Architect of Destruction
|While Albert Speer, shown here with Adolf Hitler, often wore what appears to be a military uniform, he did not hold a military rank except by courtesy. Speer held the rank of Oberbefehlsleiter, which was an NSDAP position.|
BackgroundSo, who was Albert Speer, anyway? There are many ways to answer that question, so first things first. Albert, the second of three sons, was born in Mannheim, Germany on 19 March 1905. Looking ahead, this makes him younger than almost all of his future colleagues in the Third Reich, who generally were born between 1875 (Gerd von Rundstedt) and 1900 (Heinrich Himmler). Unlike most of those future colleagues, Speer was born into a fairly prosperous family, but apparently, it was a cold family. Speer did the usual upper-middle-class sports, such as skiing and hiking, and also took up rugby, which wasn't so typical in Imperial Germany.
Albert studied architecture at the University of Karlsruhe during the worst years of the Weimar Republic following World War I, then at the Technical University of Munich, and finally at the Technical University of Berlin. Speer was not a particularly successful student - one professor, Hans Poelzig, did not accept Speer due to poor drawing technique. However, another professor, Heinrich Tessenow, was a bit more laid back and accepted Speer. Upon graduation, Speer took up an apprenticeship with Tessenow, who espoused simple forms that embodied national cultural references. During this time, Albert met and married Margarete Weber. While the Webers were tradespeople and thus not in the Speers' social circle, they happened to be prosperous. The pair married on 28 August 1928 and remained married until Albert's death.
The PartyIn light of how things turned out, a key incident in Albert Speer's life took place on 1 March 1931, when he joined the fascist NSDAP. At this point, Speer was still just an apprentice architect. Around this time, Speer left his job as Tessenow's assistant and moved back to Mannheim to manage his family's properties. Speer was an enthusiastic supporter of the NSDAP and, a year later, visited Berlin to help with the 1932 election campaign. While working on this in Berlin, Speer's NSDAP functionary friend Karl Hanke recommended Speer to Joseph Goebbels, who was looking to renovate the Party's Berlin headquarters. With this job completed to Goebbel's satisfaction, Speer returned to Mannheim. However, the building's design caught the eye the Party bosses, including Adolf Hitler.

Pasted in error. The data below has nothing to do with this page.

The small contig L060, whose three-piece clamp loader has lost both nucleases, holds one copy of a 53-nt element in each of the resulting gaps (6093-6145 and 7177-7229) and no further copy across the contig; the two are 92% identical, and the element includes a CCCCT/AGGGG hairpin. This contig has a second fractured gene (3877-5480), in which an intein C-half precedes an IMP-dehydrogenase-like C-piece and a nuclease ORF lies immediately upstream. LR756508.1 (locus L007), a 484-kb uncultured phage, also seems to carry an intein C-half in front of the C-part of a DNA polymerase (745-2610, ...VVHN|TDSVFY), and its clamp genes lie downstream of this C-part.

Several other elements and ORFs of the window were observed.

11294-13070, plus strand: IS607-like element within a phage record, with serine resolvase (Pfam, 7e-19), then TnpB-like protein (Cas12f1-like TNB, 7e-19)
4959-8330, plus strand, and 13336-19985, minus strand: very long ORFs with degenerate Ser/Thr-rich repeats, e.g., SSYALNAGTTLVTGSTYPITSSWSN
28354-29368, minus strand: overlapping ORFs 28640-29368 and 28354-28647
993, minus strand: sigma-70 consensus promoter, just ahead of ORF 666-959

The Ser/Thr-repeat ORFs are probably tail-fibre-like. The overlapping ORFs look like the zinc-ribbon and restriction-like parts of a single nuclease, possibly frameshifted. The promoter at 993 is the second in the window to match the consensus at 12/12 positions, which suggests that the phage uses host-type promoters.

The NSDAP was growing in power and influence, and it needed someone to design a plan for its 1933 Nuremberg Rally. They turned to Speer, who, while young and unestablished, had shown his talents with the design for the party headquarters. Speer drew up some plans and showed them to Hitler's deputy Rudolf Hess, who sent Speer to see Hitler in Munich. Hitler not only approved of the plans, which involved innovative use of searchlights to create a "cathedral of ice" and monumental forms suitable to the fascist ideal, but also named Speer the "Commissioner for the Artistic and Technical Presentation of Party Rallies and Demonstrations."
|Hitler would draw sketches of his conceptions and give them to Speer for realization.|
|The Zeppelinhaupttribüne in Nuremberg, designed by Albert Speer.|
|Hitler studied Speer's architectural drawings with as much intensity as he later examined his war maps, adopting an identical pose.|